‘Made in Pakistan’ expo planned in UK   Naeem suggested that Pakistan could enhance rice exports to the EU from 150,000 tons to 350,000 tons by grabbing Indian exports of 200,000 tons which may be stopped due to the strict regulations. Tricyclazole is a fungicide used by Indian farmers over more than 70% of basmati crop. But Pakistani farmers do not use such chemicals to protect their produce. “Basmati varieties grown in Pakistan do not require the use of fungicide and we can gain from the restriction on Indian exports,” Naeem said. India exported around 350,000 tons of rice worth $260 million to EU countries in the previous fiscal year. Of these, 70% had 1mg per kg of Tricyclazole. He pressed the government to announce a grant to help promote Pakistani rice in the international store chains. “Pakistan’s brand can get space by replacing Indian basmati in renowned mega stores of European states with financial support of the government,” he said. “This presents an opportunity to grab India’s market share because it will take at least two cycles to reduce the consumption of Tricyclazole.” Naeem pointed out that basmati rice exports had been facing stiff competition from India and decried that lack of research and unavailability of new seeds had resulted in low productivity. “High input costs have made Pakistan’s basmati totally uncompetitive,” he said and urged the government to extend financial support to the second biggest export sector in order to enable them become price competitive and bridge the widening trade deficit. “Rice is the second biggest export sector after textiles but it has always been ignored by the government,” he remarked. The Main Dish Thomas Unger of Eurofins Global Control GmbH, while discussing the challenges faced by the exporters of rice to the European market, said Pakistan had a huge potential but the exporters should pay attention to meeting specifications of the importers. “Rice exports to European countries are picking up, but exporters should pay attention to issues like aflatoxins, pesticide residue and new regulations being put in place by these markets. However, complaints of aflatoxins in rice consignments from Pakistan have dropped to almost negligible levels,” he added. Published in The Express Tribune, November 17th, 2017.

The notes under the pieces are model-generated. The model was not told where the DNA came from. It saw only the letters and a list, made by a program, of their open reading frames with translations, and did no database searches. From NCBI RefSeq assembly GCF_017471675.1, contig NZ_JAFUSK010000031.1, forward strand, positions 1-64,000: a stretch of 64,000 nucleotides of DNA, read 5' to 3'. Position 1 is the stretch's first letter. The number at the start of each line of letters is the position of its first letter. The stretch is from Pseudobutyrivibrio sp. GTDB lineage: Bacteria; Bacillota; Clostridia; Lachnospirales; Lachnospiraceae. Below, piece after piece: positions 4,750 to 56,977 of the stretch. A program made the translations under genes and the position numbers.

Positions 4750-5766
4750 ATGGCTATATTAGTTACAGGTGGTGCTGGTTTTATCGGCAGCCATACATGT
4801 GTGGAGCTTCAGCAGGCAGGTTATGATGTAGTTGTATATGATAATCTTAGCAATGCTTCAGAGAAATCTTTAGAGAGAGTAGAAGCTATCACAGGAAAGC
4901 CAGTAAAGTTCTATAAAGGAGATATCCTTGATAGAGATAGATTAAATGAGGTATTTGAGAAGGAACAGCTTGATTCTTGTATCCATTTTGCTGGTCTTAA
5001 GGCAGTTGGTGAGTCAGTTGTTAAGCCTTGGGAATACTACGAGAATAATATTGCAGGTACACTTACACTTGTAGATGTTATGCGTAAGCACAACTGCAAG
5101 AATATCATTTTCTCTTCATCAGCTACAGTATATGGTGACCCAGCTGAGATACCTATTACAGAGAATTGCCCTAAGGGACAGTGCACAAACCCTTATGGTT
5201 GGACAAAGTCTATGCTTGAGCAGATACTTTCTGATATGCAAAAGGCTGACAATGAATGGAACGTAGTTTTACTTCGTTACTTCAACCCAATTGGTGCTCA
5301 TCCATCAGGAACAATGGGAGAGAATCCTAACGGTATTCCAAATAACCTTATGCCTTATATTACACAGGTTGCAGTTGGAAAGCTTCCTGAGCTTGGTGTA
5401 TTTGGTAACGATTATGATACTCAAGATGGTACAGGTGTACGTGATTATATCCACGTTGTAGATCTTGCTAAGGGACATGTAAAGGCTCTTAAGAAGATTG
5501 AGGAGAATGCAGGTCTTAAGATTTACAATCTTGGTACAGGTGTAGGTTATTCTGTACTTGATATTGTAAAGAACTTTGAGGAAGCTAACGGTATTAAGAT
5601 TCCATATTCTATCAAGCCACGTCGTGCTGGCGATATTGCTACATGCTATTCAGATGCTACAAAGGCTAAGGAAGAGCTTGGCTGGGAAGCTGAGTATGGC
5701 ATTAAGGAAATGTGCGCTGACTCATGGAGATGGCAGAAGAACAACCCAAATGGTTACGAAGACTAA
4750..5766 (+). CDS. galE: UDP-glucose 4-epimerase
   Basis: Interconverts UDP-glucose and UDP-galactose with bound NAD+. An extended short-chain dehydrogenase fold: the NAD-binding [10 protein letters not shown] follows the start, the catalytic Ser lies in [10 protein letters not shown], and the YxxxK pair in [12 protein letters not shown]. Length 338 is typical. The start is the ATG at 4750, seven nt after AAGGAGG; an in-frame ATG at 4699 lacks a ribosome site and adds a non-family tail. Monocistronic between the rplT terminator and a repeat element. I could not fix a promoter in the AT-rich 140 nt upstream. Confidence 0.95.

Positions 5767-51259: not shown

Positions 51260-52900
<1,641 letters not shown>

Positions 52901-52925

• Matco Foods to belisted in September